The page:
2. Shigeru Miyamoto is without a doubt one of, if not the most important video game designers within the last 30 years or so, and he's widely credited for much of the success that Nintendo's own games see time and again thanks to innovative and fun game design. Make no mistake though, when it comes down to the approval process for games in development, Miyamoto means business according to a recent Iwata Asks interview. Such was the case for Intelligent Systems and Vanpool Inc. when Paper Mario: Sticker Star had been in development for upwards of three and a half years. Development on the game started at the tail end of 2009, and the game that was announced at E3 in 2010 as one of the many titles that would be available for 3DS was actually the first iteration in what would be a longer and more arduous process than most 3DS games usually go through. The reason for the long development? Miyamoto rejected the team's design several times before it became what it is today. Upon playing a demo of the game after E3 2010, Miyamoto told the development team that it felt like a port of the Gamecube version (which many fans consider to be the best game in the series, I might add). That meeting ultimately led to the creation of the whole "sticker" concept and thus an entire game based around stickers, even down to the battles. A year later, the team would again present their work to Miyamoto, who told them that it felt too "boring." His counsel and suggestions led them to rework much of the atmosphere while also focusing less on story and more on the Mario world itself. Ultimately, the end design for Paper Mario: Sticker Star worked out pretty well as our review can attest to, but I will admit I'm a little sad to hear that Miyamoto wanted less emphasis on the story and characters this time around. With all of this in mind, hopefully the next Paper Mario won't take nearly as long to make.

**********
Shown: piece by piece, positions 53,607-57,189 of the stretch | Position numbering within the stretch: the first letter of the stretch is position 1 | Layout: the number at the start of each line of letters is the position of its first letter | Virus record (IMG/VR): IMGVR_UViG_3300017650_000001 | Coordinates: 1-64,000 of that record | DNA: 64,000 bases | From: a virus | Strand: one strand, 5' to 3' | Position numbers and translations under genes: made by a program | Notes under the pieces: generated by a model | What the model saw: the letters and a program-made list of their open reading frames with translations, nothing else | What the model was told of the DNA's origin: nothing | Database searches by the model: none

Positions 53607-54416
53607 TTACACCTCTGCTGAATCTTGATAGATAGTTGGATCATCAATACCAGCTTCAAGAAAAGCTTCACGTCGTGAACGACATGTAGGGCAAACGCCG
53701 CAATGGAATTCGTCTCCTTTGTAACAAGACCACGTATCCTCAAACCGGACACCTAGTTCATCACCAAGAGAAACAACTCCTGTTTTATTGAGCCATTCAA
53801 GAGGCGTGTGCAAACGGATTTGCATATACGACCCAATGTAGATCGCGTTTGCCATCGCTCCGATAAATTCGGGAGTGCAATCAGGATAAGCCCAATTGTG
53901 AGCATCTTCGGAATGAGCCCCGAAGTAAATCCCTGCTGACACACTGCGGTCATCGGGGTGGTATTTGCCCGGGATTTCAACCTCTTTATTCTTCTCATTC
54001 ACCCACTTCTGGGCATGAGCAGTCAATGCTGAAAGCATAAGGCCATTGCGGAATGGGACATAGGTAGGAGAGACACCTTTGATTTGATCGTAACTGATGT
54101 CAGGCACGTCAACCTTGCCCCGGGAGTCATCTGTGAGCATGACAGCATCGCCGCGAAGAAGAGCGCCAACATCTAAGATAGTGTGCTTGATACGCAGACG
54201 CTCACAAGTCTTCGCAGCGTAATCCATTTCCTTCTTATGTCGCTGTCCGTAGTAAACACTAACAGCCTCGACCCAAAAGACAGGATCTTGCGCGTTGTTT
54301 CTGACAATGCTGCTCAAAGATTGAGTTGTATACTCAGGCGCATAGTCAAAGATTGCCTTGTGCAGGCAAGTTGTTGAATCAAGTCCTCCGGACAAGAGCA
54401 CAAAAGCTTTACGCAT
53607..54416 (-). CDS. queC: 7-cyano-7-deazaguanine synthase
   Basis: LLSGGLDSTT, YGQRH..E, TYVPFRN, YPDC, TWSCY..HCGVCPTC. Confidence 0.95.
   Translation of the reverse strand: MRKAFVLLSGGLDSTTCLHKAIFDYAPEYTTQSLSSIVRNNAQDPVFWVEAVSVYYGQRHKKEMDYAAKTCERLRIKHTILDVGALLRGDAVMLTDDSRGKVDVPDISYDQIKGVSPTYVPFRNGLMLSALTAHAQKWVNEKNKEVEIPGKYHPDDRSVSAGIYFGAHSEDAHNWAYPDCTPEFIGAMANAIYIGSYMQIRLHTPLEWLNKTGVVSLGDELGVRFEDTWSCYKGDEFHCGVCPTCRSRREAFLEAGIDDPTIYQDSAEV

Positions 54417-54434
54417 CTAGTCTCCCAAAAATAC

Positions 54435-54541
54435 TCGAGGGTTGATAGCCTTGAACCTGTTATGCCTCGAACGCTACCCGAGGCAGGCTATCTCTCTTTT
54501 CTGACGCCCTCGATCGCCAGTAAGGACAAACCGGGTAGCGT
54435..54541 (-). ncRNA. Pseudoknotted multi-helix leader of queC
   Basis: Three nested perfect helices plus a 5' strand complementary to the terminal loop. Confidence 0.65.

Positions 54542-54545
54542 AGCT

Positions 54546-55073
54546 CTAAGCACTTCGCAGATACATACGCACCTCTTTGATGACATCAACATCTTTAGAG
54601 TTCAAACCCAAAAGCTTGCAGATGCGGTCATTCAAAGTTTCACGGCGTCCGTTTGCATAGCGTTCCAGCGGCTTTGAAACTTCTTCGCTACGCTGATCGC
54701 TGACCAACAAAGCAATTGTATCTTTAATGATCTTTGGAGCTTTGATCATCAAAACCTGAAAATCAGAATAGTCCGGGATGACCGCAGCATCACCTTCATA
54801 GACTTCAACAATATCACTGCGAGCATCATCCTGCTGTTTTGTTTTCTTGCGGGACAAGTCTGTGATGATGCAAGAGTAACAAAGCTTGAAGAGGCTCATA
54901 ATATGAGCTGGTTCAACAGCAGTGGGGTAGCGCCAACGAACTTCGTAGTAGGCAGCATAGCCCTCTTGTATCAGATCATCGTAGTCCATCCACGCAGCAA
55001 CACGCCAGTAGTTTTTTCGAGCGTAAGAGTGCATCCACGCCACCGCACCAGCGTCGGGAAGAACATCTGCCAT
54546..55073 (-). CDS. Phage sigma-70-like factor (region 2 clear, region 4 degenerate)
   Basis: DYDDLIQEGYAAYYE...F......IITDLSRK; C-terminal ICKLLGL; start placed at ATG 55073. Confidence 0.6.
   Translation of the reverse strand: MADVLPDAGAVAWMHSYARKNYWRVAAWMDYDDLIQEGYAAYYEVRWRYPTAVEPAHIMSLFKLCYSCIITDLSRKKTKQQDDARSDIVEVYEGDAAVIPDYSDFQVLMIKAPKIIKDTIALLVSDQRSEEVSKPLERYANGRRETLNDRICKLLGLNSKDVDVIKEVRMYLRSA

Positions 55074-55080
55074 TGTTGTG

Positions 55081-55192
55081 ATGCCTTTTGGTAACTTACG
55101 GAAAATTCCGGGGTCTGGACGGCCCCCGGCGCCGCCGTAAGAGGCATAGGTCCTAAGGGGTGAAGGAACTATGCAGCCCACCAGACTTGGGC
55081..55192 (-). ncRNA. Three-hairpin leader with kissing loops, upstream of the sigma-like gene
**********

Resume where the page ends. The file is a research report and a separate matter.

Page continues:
3. Jason Clement

    Review: Paper Mario: Sticker Star